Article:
Once again, the world hosted ClimateFest 26, aka the United Nations Conference of the Parties, where the hawkers of alternative energy projects try to dip their ladles into the river of climate change finance that flows across the globe.
This funding is generated by government promises framed by economically developed countries during previous COPs.
One of the perennial candidates as an energy source producing less greenhouse gases is our old friend hydrogen. Although it is the most abundant element in the universe, it continues to be woefully misunderstood and misrepresented by those who dream of replacing traditional energy sources (such as natural gas, diesel or gasoline). gasoline) by hydrogen.
This year, the hydrogen booster wish list as presented by the Canadian Energy-Climate Nexus (CECN) includes:
- instituting new environmental regulations and government fuel standards;
- public funding of âsmall regional ecosystemsâ to develop hydrogen as an energy source;
- âSupporting potential manufacturers with investment incentives, funding programs, subsidies and long-term policies. “
Ironically, when you think of recent government actions toward other potential energy exports from Canada, the list includes initiatives to “help develop the potential export market and encourage upstream investment.”
There are a few issues with the CECN Hydrogen Wish List. Most importantly, hydrogen, although it is a charming element in its own right and an adequate energy carrier, is a poor substitute for other energy-carrying substances found on Earth, which hydrogen does. is not.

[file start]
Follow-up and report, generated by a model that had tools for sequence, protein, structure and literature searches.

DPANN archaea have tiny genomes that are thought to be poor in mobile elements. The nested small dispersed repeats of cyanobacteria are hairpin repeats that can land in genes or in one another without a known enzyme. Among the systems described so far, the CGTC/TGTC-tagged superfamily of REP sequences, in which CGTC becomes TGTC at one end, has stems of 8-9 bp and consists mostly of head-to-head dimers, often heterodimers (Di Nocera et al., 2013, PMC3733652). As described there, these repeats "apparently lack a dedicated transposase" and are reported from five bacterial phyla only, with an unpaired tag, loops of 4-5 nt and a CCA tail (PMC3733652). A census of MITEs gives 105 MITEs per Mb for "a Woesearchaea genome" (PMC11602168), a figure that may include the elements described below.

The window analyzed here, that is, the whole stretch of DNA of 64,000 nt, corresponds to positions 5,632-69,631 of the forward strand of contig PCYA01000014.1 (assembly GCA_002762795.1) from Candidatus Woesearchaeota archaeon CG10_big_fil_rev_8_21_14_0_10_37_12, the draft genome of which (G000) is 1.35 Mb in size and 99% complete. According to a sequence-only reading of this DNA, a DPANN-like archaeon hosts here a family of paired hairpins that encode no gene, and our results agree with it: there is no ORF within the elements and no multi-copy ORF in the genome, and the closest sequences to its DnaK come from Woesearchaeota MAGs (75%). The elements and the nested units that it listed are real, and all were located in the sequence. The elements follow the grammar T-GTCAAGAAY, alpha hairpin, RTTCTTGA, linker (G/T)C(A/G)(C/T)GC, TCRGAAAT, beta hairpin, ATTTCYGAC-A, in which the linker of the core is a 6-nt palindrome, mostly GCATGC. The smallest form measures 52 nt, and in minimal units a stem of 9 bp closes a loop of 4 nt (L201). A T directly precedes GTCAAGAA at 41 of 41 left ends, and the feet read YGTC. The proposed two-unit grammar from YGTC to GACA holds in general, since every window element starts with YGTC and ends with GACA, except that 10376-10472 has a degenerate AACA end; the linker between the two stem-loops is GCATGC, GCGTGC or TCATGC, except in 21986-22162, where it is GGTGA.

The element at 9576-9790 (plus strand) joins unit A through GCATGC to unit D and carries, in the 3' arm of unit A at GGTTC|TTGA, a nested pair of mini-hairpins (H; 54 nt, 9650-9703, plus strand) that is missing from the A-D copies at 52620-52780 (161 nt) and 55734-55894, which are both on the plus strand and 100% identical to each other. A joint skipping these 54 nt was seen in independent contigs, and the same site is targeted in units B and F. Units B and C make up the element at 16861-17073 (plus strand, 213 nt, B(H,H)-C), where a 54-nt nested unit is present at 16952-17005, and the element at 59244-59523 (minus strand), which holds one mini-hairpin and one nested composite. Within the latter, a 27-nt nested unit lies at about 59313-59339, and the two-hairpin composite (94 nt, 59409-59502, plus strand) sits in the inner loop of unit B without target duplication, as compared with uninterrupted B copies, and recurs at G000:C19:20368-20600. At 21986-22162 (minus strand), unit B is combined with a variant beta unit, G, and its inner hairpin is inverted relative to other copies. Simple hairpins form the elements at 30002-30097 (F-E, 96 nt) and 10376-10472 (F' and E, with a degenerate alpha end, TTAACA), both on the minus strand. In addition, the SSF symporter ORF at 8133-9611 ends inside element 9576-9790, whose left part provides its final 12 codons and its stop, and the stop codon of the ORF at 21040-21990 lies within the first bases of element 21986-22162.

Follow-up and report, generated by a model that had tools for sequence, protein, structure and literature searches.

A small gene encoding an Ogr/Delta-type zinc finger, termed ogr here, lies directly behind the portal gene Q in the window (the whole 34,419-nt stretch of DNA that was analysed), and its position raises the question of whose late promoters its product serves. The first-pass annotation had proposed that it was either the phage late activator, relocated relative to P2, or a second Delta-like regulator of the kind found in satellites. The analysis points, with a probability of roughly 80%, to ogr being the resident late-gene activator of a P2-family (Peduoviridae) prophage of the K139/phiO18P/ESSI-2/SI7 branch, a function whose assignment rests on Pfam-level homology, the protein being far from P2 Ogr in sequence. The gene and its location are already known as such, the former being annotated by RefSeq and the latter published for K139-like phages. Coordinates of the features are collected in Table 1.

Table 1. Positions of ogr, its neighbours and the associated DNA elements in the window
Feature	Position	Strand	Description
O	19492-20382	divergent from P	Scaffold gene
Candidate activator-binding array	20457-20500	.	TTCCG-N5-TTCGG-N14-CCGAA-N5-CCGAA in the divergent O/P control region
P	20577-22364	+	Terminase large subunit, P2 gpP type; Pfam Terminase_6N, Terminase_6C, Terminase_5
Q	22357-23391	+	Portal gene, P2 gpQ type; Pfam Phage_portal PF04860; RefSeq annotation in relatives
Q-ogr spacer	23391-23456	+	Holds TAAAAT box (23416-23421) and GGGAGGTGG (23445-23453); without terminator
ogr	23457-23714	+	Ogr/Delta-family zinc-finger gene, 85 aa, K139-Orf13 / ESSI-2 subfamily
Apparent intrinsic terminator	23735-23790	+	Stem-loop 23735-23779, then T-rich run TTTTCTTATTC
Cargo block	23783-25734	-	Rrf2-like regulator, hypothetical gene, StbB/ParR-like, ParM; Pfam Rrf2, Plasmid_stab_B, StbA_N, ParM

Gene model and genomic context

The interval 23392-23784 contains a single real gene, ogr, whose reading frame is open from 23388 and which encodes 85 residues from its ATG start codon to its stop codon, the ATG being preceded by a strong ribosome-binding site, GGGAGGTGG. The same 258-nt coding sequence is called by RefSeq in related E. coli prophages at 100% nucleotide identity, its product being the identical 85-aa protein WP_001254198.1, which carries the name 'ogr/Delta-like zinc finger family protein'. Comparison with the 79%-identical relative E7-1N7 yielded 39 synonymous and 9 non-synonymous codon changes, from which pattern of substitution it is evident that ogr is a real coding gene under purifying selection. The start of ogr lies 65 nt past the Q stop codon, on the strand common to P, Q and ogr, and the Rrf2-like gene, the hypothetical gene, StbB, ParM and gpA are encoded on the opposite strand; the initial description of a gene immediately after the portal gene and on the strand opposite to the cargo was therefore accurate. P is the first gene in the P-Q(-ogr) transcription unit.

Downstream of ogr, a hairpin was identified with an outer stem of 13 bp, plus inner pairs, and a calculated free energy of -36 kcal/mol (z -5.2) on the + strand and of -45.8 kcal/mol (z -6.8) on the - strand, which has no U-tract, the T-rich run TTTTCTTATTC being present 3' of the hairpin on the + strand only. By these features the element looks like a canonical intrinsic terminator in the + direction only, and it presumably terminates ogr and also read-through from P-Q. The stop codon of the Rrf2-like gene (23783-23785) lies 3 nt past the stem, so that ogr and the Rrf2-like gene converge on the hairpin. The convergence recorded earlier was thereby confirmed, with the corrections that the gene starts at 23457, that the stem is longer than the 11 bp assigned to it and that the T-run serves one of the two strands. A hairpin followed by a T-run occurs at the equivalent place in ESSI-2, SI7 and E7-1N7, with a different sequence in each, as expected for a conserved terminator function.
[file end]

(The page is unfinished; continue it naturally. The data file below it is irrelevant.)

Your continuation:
Although hydrogen is the most abundant element in the universe, it is not very common as a freely available substance. Diatomic hydrogen (H2) is found in the atmosphere at only 500 parts per billion. Oxygen, by comparison, is found in the atmosphere at about one part per million.
The vast majority of elemental hydrogen is linked to other elements found on Earth (such as oxygen which combines with hydrogen to produce water, H2O).
To be used as a fuel, the hydrogen must first be stripped of these other compounds (usually fossil fuels), using energy to perform the stripping. As is the case in physics, there is no such thing as a free meal, so you can never get all the energy used to release hydrogen when you use it for fuel.
While the input energy could have been directly useful in other ways, it makes the entire conversion to hydrogen a waste of time and energy.
Another problem with hydrogen is that it is explosive when concentrated above about four percent in air. To contain and transport hydrogen, it must be concentrated so that it can easily cross the 4% mark in the event of a leak.
Would you like a few dozen cars with hydrogen tanks to be parked in the parking lot under your building?
I thought no.
Perhaps neighborhoods and activist groups will be more welcoming to hydrogen pipelines or tankers containing compressed hydrogen traveling along rails, highways and roads where fossil fuels now circulate?
Hydrogen as a fuel is simply not competitive with other potential fuels due to the factors mentioned above. This could explain why no one has ever seriously tried using hydrogen for fuel.
Hydrogen as a fuel is only useful as another environmental herring (like wind and solar power) that people are supposed to believe can replace the conventional and reliable forms of energy that have built and power our societies. .
Dreams of hydrogen fuel are also useful in extracting money from the global river of international aid flowing through the efforts of the United Nations Conventions of the Parties.
Governments in Canada, contrary to the bullying of hydrogen boosters, should avoid giving hard-earned taxpayer money to rent-seeking private companies that want to build another artificial, inefficient, and government-funded energy industry. government.
Let the real energy industries, created in free (but still regulated) markets, do what they do best: keep our lights on and our heating running at costs we can afford.
Kenneth Green is a Senior Fellow at the Frontier Center for Public Policy.
Kenneth is a Troy Media thought leader. For interview requests, click here.
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